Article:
On July 17, 2019, the Federal Reserve Bank of Boston published Aging and Declining Populations in Northern New England: Is there a Role for Immigration? It’s an interesting (and fairly quick) read. Some takeaway quotes:
- Maine is projected to have more residents aged 65 or older than residents under the age of 18 by 2020, which is 15 years earlier than the entire country is expected to hit that benchmark, according to a 2018 report by the US Census Bureau. By 2030, 28 percent of Maine’s population will be 65 or older—up from just 16 percent in 2010; no other state’s population will have a higher share of older residents. Across the country, only 20 percent of the population will be in this age group.
- Between 1990 and 2017, Maine, New Hampshire, and Vermont together added nearly 60,000 immigrants, a growth rate of 63 percent, while the size of the native-born population increased by less than 12 percent. In seven of ten recent years (2009 through 2018), New England’s population would have shrunk or failed to grow without the addition of immigrants. As natural increase continues to decline, immigration is expected to become the primary contributor to national population growth after 2030.
- In communities with a relatively small youth population…., immigration accounted for 29.2 percent of all population growth. For communities with both a small senior population and a small youth population, immigration accounted for more than 40 percent of growth…..The towns that were shrinking—municipalities in the bottom quintile of native-born growth saw their population decline by 11.5 percent on average—had their population losses modestly offset by an increase in the size of their immigrant population. (Examples include Calais, Maine, and Brattleboro, Vermont).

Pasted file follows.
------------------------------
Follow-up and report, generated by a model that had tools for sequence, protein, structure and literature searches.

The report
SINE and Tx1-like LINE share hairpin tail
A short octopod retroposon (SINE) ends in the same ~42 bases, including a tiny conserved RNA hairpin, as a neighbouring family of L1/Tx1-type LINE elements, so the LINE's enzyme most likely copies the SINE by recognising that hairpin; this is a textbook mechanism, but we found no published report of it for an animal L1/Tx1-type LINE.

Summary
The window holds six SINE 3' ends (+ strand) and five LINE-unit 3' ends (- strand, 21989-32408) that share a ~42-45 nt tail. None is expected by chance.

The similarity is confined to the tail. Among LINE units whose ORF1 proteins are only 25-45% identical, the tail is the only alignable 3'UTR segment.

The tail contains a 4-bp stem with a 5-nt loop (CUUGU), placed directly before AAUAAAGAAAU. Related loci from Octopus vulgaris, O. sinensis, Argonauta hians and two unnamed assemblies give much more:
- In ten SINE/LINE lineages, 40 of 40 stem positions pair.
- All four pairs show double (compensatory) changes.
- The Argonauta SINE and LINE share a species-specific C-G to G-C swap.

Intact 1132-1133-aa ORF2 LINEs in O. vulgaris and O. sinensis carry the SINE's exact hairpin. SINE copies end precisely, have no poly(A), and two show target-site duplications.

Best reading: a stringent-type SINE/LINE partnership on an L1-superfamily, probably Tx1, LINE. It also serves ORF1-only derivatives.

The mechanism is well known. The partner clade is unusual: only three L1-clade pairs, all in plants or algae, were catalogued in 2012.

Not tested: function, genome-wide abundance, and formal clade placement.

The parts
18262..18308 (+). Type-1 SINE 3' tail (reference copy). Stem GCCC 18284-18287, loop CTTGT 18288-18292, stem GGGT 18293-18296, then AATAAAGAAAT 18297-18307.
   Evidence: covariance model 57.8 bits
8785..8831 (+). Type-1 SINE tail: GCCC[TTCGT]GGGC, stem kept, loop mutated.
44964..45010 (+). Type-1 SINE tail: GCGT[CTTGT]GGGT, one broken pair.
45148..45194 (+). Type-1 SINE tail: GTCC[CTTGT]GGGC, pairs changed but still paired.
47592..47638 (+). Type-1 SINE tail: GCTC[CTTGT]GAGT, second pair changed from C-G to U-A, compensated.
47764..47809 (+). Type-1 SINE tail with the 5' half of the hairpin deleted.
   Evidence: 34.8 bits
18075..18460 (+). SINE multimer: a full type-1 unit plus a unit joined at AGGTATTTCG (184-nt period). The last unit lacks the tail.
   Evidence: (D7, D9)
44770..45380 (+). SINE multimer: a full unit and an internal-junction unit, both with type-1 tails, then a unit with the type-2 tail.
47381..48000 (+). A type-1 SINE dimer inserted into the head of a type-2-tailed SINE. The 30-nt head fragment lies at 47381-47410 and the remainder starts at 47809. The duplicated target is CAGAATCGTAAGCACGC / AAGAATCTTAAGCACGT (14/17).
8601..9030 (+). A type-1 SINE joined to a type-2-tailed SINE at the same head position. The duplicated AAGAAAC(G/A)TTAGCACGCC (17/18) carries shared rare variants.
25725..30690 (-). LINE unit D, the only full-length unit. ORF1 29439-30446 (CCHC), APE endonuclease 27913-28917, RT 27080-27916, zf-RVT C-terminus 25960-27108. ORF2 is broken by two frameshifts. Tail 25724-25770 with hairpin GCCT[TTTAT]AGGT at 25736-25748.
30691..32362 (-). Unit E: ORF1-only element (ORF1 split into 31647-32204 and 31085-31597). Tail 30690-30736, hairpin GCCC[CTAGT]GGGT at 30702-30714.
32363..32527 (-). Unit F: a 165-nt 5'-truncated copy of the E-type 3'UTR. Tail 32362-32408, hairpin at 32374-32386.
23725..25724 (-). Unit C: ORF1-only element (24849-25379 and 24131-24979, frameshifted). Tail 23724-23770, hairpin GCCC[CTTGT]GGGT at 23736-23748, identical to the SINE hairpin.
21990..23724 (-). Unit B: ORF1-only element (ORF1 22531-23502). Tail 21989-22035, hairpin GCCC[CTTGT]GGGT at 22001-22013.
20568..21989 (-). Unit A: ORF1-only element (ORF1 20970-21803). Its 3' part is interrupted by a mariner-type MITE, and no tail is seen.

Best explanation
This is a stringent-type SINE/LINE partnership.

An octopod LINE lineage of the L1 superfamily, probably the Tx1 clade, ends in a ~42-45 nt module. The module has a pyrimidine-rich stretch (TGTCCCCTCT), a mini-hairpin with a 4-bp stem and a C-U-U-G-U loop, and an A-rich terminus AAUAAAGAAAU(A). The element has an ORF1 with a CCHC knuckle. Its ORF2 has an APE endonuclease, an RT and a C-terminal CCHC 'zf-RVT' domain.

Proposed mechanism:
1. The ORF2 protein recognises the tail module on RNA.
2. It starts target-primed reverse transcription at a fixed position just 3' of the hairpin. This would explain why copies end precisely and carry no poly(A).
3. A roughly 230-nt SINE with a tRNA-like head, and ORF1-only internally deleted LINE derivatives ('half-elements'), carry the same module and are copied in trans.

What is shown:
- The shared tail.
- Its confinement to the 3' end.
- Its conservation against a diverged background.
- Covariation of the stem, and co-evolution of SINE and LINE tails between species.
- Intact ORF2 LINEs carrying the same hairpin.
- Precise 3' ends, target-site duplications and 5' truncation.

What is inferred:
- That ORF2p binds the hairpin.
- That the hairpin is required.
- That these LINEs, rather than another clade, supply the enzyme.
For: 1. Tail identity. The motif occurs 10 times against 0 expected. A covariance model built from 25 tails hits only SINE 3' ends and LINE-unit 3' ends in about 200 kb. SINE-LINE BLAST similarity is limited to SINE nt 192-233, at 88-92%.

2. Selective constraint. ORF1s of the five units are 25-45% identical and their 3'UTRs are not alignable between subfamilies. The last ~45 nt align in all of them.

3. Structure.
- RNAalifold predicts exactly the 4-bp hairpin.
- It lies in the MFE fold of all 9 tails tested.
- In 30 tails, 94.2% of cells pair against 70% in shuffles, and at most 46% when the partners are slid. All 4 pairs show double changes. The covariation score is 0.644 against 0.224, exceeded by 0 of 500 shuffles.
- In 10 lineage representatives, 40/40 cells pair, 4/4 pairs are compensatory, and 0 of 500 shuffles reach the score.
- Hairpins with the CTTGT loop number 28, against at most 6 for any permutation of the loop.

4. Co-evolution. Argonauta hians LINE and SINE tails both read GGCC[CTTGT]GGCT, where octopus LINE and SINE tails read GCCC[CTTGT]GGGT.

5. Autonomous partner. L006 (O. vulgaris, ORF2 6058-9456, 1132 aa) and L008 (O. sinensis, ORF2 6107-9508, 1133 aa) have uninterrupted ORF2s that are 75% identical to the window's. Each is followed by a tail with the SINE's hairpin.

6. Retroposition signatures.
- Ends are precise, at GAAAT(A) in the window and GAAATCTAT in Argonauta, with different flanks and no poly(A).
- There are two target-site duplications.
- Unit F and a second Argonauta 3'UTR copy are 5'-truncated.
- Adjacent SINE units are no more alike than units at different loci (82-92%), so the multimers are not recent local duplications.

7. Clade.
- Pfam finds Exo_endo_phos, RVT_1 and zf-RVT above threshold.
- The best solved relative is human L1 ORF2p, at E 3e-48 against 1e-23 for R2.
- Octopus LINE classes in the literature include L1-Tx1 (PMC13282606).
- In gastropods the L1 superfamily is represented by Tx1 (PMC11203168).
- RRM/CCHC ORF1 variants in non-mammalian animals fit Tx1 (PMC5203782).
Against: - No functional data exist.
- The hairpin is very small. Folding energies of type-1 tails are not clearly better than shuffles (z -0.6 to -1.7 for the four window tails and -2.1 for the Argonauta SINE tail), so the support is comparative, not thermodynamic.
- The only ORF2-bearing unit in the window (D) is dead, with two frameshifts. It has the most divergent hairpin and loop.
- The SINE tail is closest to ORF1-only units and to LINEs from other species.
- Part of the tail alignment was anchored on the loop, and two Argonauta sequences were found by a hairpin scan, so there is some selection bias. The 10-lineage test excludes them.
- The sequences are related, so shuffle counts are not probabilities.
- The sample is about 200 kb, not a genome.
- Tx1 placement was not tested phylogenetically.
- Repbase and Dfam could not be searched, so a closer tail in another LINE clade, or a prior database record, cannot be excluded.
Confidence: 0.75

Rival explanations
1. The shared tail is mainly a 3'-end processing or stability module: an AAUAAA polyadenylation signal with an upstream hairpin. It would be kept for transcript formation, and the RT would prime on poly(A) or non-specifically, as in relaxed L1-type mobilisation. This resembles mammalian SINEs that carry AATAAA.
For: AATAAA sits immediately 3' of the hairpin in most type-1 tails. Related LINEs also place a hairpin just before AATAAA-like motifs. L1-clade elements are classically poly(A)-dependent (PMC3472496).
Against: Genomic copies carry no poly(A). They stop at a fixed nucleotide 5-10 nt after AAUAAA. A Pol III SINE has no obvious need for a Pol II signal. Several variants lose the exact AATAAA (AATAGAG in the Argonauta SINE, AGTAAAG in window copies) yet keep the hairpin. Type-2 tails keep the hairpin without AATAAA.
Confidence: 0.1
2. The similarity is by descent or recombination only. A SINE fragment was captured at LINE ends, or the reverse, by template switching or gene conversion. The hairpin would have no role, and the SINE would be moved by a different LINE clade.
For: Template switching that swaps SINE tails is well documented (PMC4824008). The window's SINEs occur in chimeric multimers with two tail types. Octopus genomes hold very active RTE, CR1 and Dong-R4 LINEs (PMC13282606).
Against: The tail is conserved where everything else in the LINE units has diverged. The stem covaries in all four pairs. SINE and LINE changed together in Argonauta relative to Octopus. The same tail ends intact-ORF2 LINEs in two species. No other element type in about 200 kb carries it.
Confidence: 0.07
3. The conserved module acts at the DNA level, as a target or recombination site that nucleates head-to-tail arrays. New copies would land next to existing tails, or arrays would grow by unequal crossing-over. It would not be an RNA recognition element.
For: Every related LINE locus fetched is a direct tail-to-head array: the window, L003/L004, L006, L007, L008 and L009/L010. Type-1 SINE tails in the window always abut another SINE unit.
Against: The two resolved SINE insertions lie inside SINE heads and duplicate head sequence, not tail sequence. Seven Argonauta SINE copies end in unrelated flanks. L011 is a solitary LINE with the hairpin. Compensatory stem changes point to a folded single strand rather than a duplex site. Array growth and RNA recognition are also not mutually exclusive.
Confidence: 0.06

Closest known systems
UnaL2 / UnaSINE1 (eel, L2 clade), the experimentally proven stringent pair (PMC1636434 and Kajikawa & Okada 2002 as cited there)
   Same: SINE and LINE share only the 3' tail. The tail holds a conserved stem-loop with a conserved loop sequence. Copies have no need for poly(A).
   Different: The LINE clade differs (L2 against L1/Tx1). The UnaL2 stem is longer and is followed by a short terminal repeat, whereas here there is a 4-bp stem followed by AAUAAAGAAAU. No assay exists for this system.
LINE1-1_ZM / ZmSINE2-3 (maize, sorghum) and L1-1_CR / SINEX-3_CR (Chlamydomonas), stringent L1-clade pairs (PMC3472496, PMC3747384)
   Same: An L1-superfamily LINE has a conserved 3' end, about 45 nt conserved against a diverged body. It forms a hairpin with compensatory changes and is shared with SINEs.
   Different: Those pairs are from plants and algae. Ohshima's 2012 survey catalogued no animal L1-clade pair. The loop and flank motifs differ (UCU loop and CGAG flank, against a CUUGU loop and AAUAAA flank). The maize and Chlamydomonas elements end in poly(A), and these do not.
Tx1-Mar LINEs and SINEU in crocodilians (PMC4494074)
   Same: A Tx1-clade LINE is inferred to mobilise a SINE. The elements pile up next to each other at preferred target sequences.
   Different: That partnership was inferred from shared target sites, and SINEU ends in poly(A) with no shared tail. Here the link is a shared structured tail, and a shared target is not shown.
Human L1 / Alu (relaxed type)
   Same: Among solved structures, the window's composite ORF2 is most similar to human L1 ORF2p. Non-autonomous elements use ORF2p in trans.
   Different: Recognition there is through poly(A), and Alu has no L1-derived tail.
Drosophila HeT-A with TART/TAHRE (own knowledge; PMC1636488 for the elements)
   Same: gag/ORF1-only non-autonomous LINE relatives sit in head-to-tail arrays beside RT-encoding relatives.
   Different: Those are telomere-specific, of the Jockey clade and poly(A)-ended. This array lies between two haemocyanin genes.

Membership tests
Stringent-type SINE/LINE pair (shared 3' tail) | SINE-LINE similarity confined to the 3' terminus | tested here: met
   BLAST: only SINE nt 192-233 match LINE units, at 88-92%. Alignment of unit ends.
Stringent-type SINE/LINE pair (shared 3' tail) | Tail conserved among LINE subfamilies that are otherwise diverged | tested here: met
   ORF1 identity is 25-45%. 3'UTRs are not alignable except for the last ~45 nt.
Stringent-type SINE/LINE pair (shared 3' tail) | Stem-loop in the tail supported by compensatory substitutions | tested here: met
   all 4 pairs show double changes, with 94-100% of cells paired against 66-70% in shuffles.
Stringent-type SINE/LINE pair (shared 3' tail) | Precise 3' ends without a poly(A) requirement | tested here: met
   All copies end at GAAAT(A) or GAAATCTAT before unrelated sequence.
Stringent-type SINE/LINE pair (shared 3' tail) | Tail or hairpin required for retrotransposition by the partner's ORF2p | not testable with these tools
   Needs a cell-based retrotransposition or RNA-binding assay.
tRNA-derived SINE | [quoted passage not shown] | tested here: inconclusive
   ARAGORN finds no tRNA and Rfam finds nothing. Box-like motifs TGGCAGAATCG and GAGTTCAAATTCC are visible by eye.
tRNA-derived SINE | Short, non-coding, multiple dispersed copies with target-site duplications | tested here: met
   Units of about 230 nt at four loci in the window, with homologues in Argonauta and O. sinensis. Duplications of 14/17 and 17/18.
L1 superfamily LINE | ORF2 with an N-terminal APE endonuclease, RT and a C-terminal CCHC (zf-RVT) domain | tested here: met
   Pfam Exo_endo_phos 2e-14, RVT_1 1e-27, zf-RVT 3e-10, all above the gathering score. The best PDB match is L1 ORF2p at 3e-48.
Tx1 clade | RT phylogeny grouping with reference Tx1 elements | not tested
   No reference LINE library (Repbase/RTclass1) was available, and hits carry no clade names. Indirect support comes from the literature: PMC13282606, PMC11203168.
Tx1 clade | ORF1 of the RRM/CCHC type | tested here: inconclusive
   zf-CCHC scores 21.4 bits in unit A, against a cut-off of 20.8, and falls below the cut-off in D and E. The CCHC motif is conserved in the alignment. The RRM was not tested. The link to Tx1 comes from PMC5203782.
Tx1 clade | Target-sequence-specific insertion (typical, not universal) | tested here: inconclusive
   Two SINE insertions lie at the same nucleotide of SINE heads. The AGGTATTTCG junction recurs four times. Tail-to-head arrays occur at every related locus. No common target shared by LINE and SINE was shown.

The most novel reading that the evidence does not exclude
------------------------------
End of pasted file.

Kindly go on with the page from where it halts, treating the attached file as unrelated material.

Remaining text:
Northern New England, even more so than the rest of the country, depends increasingly on immigration to sustain population growth in the face of a declining birth rate. The town-level analysis in this brief suggests that immigrants who have come to the region in recent decades have not joined just the larger, younger, and thriving communities; they also have settled in smaller towns and contributed to the growth of the population in those municipalities……Increased levels of immigration, though not currently part of the federal policy conversation, could help to slow if not stop population decline in northern New England.
You can find the report here.